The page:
Maxine Aaronson, Attorney at Law
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Tax Newsletter

  • The Unrelated Business Income Tax (UBIT)
    Nonprofit organizations, e.g., charities, were historically not taxed. In 1950, however, an amendment to the Internal Revenue Code made taxable income earned from activities that did not further the tax-exempt purposes of such... Read more.
  • Tax Issues Related to Qualified Domestic Relations Orders and Divorce
    An increasingly large portion of the assets of married couples consist of rights to payments and stock from pension plans. In many states such assets are subject to division during a divorce. Divorce and division of property are... Read more.
  • Estate Tax Valuation Methods for Securities
    In 2001, Congress passed legislation incrementally increasing the amount exempt from federal estate taxes and completely eliminating estate taxes in the year 2010. However, the legislation contains a “sunset” provision... Read more.
  • Choice of Entity: Delaware Series LLC
    Limited Liability Companies (“LLCs”) are a form of business ownership which is a separate legal entity much like a corporation. An LLC is treated like a partnership for tax purposes and like a corporation for liability... Read more.
Tax News Links

Deduction Limits on Contributions to Charities

If you made a tax-deductible contribution to a qualified charitable organization, the actual amount you can deduct may be limited to a percentage of your adjusted gross income. The amount that you are entitled to deduct depends on several factors:

  • Who you made a contribution to
  • What you contributed
  • Your income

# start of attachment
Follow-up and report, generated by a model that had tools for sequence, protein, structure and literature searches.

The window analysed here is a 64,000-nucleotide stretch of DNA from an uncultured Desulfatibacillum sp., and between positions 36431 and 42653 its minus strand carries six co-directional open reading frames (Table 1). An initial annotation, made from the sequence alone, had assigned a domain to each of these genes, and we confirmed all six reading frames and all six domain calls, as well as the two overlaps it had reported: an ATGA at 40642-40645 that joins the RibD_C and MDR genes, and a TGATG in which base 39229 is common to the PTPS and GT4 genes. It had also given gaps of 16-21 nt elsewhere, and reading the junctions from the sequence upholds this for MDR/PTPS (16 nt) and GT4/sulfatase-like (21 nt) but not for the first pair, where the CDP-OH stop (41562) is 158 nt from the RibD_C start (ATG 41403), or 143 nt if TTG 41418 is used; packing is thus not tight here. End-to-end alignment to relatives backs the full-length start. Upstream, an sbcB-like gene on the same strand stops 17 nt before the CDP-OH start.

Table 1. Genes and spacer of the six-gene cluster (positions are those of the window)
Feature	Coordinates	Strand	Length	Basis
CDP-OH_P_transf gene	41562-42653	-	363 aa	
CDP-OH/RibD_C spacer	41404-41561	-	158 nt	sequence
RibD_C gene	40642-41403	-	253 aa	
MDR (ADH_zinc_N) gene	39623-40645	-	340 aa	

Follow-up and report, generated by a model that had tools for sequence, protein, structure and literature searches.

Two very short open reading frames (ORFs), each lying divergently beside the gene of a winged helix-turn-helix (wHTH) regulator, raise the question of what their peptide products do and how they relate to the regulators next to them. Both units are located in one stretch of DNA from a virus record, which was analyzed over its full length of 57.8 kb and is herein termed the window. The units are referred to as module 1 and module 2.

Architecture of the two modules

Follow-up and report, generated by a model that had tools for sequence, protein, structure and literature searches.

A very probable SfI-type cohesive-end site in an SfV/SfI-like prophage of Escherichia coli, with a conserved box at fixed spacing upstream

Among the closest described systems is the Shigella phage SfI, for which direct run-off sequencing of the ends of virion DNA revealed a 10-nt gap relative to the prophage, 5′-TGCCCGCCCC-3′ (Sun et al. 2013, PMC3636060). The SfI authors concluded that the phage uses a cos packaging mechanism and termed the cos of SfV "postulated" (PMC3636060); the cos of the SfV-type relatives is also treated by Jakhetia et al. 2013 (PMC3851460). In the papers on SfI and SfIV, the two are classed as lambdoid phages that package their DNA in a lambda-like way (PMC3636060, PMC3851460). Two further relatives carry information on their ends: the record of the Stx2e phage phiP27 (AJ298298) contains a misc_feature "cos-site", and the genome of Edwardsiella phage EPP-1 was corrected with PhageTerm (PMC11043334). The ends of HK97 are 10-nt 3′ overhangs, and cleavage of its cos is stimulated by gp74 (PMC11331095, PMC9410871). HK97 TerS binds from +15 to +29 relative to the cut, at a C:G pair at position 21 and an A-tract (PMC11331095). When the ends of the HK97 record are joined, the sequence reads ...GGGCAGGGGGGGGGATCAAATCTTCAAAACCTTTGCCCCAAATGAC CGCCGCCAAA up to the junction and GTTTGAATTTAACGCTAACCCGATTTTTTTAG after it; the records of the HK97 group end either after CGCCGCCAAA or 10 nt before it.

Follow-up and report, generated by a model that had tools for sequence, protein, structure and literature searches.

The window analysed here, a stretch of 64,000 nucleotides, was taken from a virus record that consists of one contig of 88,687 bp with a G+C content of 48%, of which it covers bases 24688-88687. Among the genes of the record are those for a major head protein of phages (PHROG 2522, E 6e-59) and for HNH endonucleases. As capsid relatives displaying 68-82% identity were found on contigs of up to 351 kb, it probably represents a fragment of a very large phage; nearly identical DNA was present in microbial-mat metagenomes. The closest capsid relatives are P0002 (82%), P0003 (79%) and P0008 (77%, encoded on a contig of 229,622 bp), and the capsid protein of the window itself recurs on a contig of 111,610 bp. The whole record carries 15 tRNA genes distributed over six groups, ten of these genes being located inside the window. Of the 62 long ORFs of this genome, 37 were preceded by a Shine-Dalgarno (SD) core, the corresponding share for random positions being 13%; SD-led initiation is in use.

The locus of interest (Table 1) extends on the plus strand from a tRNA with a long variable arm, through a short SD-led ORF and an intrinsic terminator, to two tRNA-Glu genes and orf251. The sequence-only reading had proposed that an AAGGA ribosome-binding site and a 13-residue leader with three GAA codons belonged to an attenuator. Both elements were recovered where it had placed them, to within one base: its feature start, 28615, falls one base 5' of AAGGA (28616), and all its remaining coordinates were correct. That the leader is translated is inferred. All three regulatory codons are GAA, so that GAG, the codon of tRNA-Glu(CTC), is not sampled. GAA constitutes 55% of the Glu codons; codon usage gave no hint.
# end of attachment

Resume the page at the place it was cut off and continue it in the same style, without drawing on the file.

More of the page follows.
The 50% Limit

In general, your charitable deduction cannot be more than half of your adjusted gross income. Contributions made to qualified organizations are subject to the 50% limit. These types of organizations include:

  • Indian tribal governments
  • The United States, District of Columbia, or any state or political subdivision of the U.S.
  • Churches
  • Educational organizations with a full student body and faculty on site
  • Hospitals and research centers

Different rules may apply to contributions of capital gains property (property that would bring long-term income).

The 30% Limit

Your charitable deduction cannot be more than 30% of your adjusted gross income. Contributions subject to the 30% limit include:

  • Contributions of capital gains property to any 50% limit organizations (generally)
  • Money spent on behalf of a student living with you who was selected by a qualified organization
  • Gifts to other qualified organizations besides those subject to the 50% limit
  • Gifts other than those that are capital gain property for the use of any organization
  • The 20% Limit

    For some contributions, your deductions cannot be more than 20% of your adjusted gross income. Contributions subject to the 20% limit are all those that are capital gains property gifts to or for the use of a charitable organization, aside from those that fall under the 50% limit.

    Note: If you contribute 20% or less of your adjusted gross income, there are no limits to the deduction for your total contributions.